And that's not all. Angelo's CDs & More plans to close its Littleton store and move to 1959 S. Broadway. The Concoctory just opened at 1875 S. Broadway, suddenly forming a crafts triangle with Treelotta, 1934 S. Broadway, and The Marvelette, 20 E. Colorado Ave.

As any longtime resident will tell you, this is a huge improvement. South Broadway historically has been a hodgepodge of used-car lots, liquor stores, check cashing places and -- most recently -- medical-marijuana dispensaries.
Catalysts in limbo
While SoBo continues to attract attention, the urban spaces most critical to revitalization in the area have murky futures.
"I think the Gates (Rubber Company site) is really going to be a driver of whatever the future of that area is," Costello says.
"Gates really is the catalyst there," agrees Jesse Silverstein, executive director of Colorado Brownfields Foundation, a nonprofit aimed at overcoming environmental hurdles to community development. "I think getting Gates going would really kick start the whole neighborhood. It does have the chance to bring a lot of economic change to the area, rapidly."
Most Denverites are aware of the giant, now-abandoned Gates Rubber Company factory at the southern section of the I-25 and South Broadway interchange. The eyesore has been vacant for years -- an attempt by Cherokee Denver to redevelop the site collapsed in 2009, and the site reverted back to Gates Corporation.
So what does Gates plan to do with the site?
"We are right now in the midst of looking at several different options," said Mark Tenney, director of global brand and corporate communications for Gates. "We are actively looking at different options." Tenney declined to provide details.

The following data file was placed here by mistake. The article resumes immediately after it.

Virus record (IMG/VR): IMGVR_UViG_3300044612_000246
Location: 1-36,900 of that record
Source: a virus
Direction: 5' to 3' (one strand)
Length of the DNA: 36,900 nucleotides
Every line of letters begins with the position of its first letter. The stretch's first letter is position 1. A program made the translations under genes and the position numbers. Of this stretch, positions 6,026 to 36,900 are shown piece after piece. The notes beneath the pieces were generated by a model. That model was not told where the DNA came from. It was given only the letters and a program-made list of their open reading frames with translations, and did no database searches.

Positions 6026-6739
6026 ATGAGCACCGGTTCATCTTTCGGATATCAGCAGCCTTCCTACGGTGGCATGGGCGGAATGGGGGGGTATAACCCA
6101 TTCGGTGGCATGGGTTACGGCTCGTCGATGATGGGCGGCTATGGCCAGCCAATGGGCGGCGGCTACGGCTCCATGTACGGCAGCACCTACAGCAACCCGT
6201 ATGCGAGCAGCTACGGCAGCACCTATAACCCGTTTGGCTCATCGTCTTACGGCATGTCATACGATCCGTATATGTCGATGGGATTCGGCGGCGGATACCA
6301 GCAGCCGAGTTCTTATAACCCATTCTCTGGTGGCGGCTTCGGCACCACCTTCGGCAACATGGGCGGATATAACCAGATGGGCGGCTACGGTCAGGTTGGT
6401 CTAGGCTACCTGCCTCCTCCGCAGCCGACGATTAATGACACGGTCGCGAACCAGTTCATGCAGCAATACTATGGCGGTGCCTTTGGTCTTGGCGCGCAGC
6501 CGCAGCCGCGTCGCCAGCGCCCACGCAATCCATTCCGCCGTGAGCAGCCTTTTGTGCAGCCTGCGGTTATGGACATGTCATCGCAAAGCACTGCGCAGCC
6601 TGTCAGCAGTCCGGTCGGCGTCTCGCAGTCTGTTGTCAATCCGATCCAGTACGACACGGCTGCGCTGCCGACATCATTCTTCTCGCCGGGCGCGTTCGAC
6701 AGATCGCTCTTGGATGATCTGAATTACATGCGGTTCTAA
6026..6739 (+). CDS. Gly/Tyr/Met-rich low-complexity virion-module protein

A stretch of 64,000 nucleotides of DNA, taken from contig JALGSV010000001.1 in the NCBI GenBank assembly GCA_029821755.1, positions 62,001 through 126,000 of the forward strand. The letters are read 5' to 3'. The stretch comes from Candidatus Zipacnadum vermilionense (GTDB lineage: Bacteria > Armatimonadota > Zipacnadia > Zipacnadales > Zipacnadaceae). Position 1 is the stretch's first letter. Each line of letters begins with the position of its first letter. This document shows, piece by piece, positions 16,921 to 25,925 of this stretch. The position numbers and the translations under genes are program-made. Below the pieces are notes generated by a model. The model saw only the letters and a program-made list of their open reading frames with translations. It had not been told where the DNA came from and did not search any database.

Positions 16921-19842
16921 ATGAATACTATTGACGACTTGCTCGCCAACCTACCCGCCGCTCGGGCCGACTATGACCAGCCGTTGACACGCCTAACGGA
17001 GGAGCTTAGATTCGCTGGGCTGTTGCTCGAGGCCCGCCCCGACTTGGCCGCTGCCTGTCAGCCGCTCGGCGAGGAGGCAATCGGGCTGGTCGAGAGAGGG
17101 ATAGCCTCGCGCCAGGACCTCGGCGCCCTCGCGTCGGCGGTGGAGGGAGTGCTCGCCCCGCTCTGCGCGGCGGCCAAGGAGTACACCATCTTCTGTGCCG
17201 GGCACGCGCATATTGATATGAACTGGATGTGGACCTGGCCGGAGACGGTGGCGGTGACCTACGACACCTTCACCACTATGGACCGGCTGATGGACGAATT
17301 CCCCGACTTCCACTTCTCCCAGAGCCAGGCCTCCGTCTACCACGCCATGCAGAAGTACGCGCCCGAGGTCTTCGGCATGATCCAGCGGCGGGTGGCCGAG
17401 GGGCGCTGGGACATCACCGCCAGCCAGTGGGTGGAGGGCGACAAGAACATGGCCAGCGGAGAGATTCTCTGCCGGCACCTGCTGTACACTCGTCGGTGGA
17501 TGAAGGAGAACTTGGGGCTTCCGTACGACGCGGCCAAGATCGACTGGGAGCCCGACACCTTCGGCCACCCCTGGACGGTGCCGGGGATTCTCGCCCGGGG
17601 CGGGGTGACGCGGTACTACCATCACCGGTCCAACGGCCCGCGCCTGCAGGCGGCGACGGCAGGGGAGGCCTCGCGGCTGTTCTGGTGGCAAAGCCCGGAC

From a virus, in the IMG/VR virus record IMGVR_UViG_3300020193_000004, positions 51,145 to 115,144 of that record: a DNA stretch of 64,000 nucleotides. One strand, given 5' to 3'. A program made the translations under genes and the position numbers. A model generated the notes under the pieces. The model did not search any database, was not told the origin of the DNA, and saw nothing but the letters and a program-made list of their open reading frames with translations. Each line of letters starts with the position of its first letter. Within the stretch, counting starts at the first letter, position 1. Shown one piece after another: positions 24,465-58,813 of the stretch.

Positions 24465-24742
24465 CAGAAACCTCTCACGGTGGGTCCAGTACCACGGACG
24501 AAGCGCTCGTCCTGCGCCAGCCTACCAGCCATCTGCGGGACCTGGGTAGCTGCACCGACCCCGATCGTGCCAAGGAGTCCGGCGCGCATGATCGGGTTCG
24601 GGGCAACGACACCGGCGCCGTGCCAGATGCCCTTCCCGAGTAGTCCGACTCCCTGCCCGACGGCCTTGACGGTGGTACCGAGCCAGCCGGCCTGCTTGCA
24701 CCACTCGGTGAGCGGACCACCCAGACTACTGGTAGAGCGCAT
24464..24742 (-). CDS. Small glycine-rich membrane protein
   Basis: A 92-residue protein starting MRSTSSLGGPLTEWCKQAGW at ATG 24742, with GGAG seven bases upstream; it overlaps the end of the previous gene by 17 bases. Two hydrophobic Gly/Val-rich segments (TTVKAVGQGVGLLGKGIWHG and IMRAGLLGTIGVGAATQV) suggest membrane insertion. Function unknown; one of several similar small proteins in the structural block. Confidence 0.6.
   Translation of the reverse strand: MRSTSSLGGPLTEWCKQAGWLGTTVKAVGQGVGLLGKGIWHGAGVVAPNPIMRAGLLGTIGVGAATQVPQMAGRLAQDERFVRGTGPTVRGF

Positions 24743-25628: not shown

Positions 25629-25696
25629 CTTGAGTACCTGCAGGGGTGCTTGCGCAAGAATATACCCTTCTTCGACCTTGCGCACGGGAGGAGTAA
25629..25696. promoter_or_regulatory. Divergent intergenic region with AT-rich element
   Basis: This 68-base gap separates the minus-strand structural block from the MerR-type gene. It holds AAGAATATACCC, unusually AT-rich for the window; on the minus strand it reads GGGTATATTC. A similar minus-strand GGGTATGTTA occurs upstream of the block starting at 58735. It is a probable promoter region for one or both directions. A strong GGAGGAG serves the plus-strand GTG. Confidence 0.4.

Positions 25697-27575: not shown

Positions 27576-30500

Those in the area are hoping that the Gates Rubber Company site will eventually be turned into a modern housing complex that will help swell the size of South Broadway's population to the point where real development will occur.
South Broadway "is kind of missing that critical core of neighborhood people," explains Colorado Brownfields'  Silverstein. "There's just not a lot of residential housing in that area. I don't believe there is a critical mass of households in that area to support itself."
The former grounds of the Shattuck Chemical Company.Cook, the developer, had hoped ignite his own catalyst in the area with high-density housing on the grounds of the former Shattuck Chemical Co., one of 20 EPA Superfund sites in Colorado and was once considered one of the most toxic spots in urban America. Cook had hoped to combine the Shattuck site with other properties into "The Lumberyards," which he had planned to be a major mixed-use area that would draw in new residents.

However, Cook's plans were stymied by the recent economic downturn, and Cook declined to comment on the status of the land other than to say that "exciting things happening in the not too distant future."
The EPA finished most of its work on Shattuck in 2005. The agency now is conducting a five-year review of the site, where a plume of groundwater is still contaminated. "As part of that effort we will be talking to the owners of the various properties," said Jeannine Natterman, public involvement coordinator for hazardous materials and waste management with the Colorado Department of Public Health and Environment. "We may have more information later this year."
It's unclear what South Broadway, Gates and Shattuck and will ultimately become. Those in the area remain hopeful.
"Broadway is good, don't get me wrong," Costello says. "But it could be better."

Photos by Kara Pearson Gwinn.

Read more articles by Mike Dano.

Mike is a freelance writer and executive editor of FierceMarkets Telecom Group.